Saturday, October 17, 2009

Aspect of Verbs in Koine Greek

Professor James Voelz was my teacher and author of Fundamental Greek Grammar (Concordia Publishing House, St. Louis, 1993). Professor Voelz developed an innovative way of understanding aspect in Biblical Greek. This is particularly demonstrated with the imperfect tense. Most textbooks just say that imperfects are ongoing action and leave it at that. Dr. Voelz recognized through his Ph.D. work in Luke that this understanding does not fit all imperfects. He developed the additional term aspect to sort of supplement tense in categorizing verbs.

What is often called present tense he refers to as focus-on-connection, (FoC) that is, it conveys a meaning that emphasizes the link between the subject and the action that is referred to by the verb. Statements like, "I leave the check" are conveying a sense that I is connected to the action (leaving). Focus-on-connection is one type of aspect.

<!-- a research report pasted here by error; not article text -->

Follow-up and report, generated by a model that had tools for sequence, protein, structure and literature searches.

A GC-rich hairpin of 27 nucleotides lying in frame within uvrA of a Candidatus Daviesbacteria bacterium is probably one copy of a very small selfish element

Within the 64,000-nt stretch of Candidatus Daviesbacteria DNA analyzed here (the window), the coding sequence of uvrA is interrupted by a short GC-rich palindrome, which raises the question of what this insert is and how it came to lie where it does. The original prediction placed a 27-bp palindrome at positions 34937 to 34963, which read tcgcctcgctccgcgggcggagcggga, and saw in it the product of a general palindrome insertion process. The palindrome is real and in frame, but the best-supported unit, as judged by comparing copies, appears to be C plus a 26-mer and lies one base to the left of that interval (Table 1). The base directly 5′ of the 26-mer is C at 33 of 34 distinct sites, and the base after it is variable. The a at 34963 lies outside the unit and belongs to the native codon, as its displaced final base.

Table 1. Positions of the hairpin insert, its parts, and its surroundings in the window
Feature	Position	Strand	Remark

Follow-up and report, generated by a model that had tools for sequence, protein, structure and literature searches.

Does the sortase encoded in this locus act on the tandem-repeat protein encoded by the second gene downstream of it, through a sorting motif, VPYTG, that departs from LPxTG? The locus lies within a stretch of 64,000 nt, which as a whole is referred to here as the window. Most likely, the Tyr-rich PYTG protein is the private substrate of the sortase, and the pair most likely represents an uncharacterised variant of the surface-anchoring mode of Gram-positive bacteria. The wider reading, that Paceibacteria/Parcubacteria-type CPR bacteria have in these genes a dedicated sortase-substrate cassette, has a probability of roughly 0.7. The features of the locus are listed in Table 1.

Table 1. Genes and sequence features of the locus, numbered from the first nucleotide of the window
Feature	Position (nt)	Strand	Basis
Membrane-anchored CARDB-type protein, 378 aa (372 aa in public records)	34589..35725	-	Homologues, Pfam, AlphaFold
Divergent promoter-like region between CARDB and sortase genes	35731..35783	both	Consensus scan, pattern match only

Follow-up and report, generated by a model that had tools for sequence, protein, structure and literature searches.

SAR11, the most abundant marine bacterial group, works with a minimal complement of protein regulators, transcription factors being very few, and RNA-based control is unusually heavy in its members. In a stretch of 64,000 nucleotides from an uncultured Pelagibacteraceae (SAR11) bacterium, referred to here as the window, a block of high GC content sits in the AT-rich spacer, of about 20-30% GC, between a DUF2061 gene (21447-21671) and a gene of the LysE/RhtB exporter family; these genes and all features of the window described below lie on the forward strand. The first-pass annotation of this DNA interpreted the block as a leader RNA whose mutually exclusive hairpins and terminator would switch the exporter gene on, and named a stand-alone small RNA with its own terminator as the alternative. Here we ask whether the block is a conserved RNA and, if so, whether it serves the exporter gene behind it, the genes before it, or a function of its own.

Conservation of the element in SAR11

Another major type of aspect is focus-on-action (FoA). This aspect is more worried about the fact that the action is/was done than who did it. An example sentence would be "I see you."

As present tense is FoC, so aorist is FoA. Aorist is past time so it is focusing on the action that has been completed. It is the action that is important. Now, imperfect is FoC and is sort of a past time correspondent to present.

Professor Voelz lists 6 different connections conveyed by an imperfect. Context must help you resolve between these:
  1. Continuous, e.g. "I was loosing."
  2. Habitual, e.g. "I used to loose."
  3. Inceptive (beginning), e.g. "I began to loose."
  4. Conatative (attempting), e.g. "I tried to loose."
  5. Repetitive, e.g. "I repeatedly loosed."
  6. Emphatic, e.g. "I did loose."
I have found this understanding of the imperfect has been very helpful. Since I got no Google hits on this topic, I decided it was time for me to do something. For further information, see Prof. Voelz' textbook and other books and papers by him. You may also find some discussion of this by Professor Jeffrey Gibbs; he refers to it as syntactical sugar.

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